Foley Mountain is Westport’s most prominent feature and it is here, at the highest elevation in the region, where you will find the picturesque lookout at the Foley Mountain Conservation Area. The conservation area houses a variety of wildlife in its 308 hectares of woods, ponds and fields. 

Panoramic views from on high

Hikers can walk up to the peak at Spy Rock, a granite ridge that looks out onto Upper Rideau Lake, the village and far beyond. The conservation area offers several scenic lookouts, beaver ponds and picnic spots, and is traversed by the 300-kilometre-long Rideau Trail, which runs from Kingston to Ottawa. A new boardwalk trail allows access to facilities at Foley Mountain by people with all physical abilities.  

The area is a fine place for camping and there’s a sandy beach nearby with good swimming. In winter, the area is great for cross-country skiing and snowshoeing.   Westport has long been a spot where tourists come to enjoy the out-of-doors, and there are several B&Bs, cottage rentals, a motel and a country inn, as well as tent and trailer parks and camping spots. Besides Westport’s own sandy beach, there is one nearby at Sand Lake.  

Other parks and conservation areas can be reached within easy driving distance. Of particular note is Murphy’s Point Provincial Park. The park, toward Perth, is on the historic Rideau Waterway, and you can tour a restored mica mine and trails. The trails are winter-groomed for skiing. You’ll also find the ruins of a sawmill and pioneer homesteads.  

The whole area is great for bicycling, both on back-country roads and a cycle trail.   The Rideau Heritage Route is also a great place for canoeing and boating. You can pick up an itinerary for trips between Kingston and Ottawa, complete with paddling tips, portages, accommodation and features not to be missed along the route.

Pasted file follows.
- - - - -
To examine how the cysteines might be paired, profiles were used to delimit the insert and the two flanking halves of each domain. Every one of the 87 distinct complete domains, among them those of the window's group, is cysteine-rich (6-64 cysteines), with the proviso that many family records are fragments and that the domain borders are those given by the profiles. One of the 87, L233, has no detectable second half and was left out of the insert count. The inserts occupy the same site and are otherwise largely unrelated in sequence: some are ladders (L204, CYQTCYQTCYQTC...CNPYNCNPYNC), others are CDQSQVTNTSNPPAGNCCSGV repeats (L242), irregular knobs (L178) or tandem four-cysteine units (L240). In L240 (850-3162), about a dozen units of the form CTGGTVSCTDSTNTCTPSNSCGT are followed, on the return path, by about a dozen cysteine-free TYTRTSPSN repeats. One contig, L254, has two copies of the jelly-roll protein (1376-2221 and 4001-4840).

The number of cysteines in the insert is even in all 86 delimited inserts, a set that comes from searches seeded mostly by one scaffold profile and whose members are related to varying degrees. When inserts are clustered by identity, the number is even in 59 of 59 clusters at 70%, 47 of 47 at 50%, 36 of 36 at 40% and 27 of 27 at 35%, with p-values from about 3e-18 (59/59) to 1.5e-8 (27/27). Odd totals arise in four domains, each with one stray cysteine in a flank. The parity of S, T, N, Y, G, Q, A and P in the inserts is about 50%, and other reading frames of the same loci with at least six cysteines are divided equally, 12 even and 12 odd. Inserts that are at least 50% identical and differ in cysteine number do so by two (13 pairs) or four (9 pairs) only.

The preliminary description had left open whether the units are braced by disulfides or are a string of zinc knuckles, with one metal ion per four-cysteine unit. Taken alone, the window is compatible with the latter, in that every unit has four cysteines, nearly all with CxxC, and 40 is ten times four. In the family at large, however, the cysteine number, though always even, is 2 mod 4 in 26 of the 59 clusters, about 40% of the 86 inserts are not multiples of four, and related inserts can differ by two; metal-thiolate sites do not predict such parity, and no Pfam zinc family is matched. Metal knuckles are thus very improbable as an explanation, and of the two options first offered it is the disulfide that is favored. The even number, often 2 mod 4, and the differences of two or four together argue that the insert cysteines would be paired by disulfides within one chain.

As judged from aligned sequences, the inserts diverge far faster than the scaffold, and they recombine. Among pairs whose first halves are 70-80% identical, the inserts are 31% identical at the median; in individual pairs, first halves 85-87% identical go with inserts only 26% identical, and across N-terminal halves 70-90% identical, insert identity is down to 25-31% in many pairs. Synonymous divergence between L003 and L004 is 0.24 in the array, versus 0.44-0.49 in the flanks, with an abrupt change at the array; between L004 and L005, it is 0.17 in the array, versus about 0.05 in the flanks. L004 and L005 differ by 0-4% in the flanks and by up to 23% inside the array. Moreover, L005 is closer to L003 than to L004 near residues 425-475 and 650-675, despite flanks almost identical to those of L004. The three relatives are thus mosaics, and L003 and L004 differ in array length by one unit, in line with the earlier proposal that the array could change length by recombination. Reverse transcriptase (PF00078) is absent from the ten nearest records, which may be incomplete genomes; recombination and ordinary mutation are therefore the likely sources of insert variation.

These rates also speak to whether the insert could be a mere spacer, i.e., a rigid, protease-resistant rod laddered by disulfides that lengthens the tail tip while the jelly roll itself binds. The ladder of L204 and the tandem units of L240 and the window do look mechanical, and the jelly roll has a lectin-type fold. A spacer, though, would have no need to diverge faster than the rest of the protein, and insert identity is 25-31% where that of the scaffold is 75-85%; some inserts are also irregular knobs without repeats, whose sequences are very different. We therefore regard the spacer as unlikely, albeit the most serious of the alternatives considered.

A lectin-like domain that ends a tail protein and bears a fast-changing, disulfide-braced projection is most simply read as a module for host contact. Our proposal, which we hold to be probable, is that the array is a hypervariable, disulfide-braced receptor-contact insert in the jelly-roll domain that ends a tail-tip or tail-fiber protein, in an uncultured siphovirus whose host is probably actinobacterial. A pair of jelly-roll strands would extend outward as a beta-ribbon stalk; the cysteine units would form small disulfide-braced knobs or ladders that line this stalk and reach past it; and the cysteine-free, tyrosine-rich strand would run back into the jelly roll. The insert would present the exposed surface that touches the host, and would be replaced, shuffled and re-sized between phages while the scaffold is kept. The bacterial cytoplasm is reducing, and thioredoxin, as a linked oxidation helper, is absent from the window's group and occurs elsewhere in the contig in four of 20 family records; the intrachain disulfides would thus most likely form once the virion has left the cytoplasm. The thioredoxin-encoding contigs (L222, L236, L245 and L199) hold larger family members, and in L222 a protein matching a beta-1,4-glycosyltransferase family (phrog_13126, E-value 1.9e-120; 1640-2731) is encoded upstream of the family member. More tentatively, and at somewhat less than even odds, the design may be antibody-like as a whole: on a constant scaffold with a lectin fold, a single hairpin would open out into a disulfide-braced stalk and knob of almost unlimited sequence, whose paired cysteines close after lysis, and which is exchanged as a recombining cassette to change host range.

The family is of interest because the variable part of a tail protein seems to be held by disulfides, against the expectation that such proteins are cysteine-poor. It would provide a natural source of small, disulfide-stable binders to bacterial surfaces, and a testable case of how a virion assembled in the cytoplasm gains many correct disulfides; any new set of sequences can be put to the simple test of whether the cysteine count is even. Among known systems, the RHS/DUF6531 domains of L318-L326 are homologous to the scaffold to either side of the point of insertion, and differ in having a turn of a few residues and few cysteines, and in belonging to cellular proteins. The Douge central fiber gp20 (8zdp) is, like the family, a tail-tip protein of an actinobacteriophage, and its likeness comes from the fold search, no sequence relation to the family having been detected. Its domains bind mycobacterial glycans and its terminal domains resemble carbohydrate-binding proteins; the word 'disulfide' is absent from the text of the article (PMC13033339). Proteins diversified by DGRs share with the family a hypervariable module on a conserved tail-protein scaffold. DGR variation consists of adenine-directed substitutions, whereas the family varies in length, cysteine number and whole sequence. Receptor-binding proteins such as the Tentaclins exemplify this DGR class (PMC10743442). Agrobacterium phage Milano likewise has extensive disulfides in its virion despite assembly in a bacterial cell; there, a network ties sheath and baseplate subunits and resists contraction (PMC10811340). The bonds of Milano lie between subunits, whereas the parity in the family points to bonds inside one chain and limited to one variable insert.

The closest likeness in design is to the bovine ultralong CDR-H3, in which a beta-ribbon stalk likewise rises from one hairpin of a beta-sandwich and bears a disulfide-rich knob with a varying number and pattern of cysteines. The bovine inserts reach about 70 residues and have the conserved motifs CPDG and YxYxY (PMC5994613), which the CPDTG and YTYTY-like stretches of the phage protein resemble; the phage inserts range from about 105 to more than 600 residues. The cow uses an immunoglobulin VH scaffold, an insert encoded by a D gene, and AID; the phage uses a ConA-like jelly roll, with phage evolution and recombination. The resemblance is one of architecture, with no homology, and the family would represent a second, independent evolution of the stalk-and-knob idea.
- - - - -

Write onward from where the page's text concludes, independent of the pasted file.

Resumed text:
The National Geographic Society’s Centre for Sustainable Destinations rated the Rideau Canal second best on its 2008 Places Rated Destination Stewardship Survey. 

Take in the scenery from the clouds

Another way to see Westport is by air. The Township of Rideau Lakes operates an aerodrome at the west end of Upper Rideau Lake just outside of Westport. It’s managed by the Rideau Lakes Flying Club. The last Saturday of May sees the big event of the season, a Breakfast Fly-In, which normally attracts 40 or more aircraft.   If golf is your thing, the Westport area has two nine-hole courses.  

Westport began its existence as a milling centre. Area lakes offered plenty of power as they made their way through the valley to Rideau Lake.  

The first mill was built on Sand Lake in 1828, followed a year later by a sawmill. In 1830, the first retail store was opened at the village, which became known as Manhards Mills, after an early settler and entrepreneur. Then, the Rideau Canal opened in 1832. More mills, a tannery, brickyard and furniture manufacturing followed.  

A good way to get to know the village is by visiting during one of the many annual festivals held here. Among them are the Dandelion Gardens Studio Tour over the May 24 weekend, Blues on the Rideau in June, and the MUSICwestport Festival in August. The studio tour features 29 artists who range from painters, sculptors, stained glass makers and weavers to other craftspeople.  

The village might be small, but community spirit is strong. An offshoot of the 2004 centennial committee is now responsible for beautification activities, including the planting of trees and flowers around the community, and the erecting of colourful banners welcoming visitors.

Westport also has a farmers’ market showcasing growers, artisans, crafters and bakers each Saturday from May to October.  

Housing prices more affordable here

While the population has remained static and there have not been significant growth pressures on the village itself, there are communities within the surrounding township that are experiencing some of those pressures. It remains to be seen whether such a small municipality as Westport can continue to deliver all the modern services its residents expect, if significantly larger numbers of people are drawn to this beautiful little rural village.  

With that stable permanent population, though, housing prices have remained lower than in other larger area communities.  

If you’re searching for waterfront property around Westport, here are some recent examples: You could buy a two-bedroom, open concept cottage/home south of the village for $189,900. Also recently listed was a three-bedroom, three-bath, fully serviced home near downtown for $309,900.

At the upper end of the price scale, across the lake from the village, was a property ready-made for a family compound — a main all-season home with fireplace and finished lower level, 300 feet of clean, rocky shoreline and five cottages at the water’s edge — was on offer for $849,000.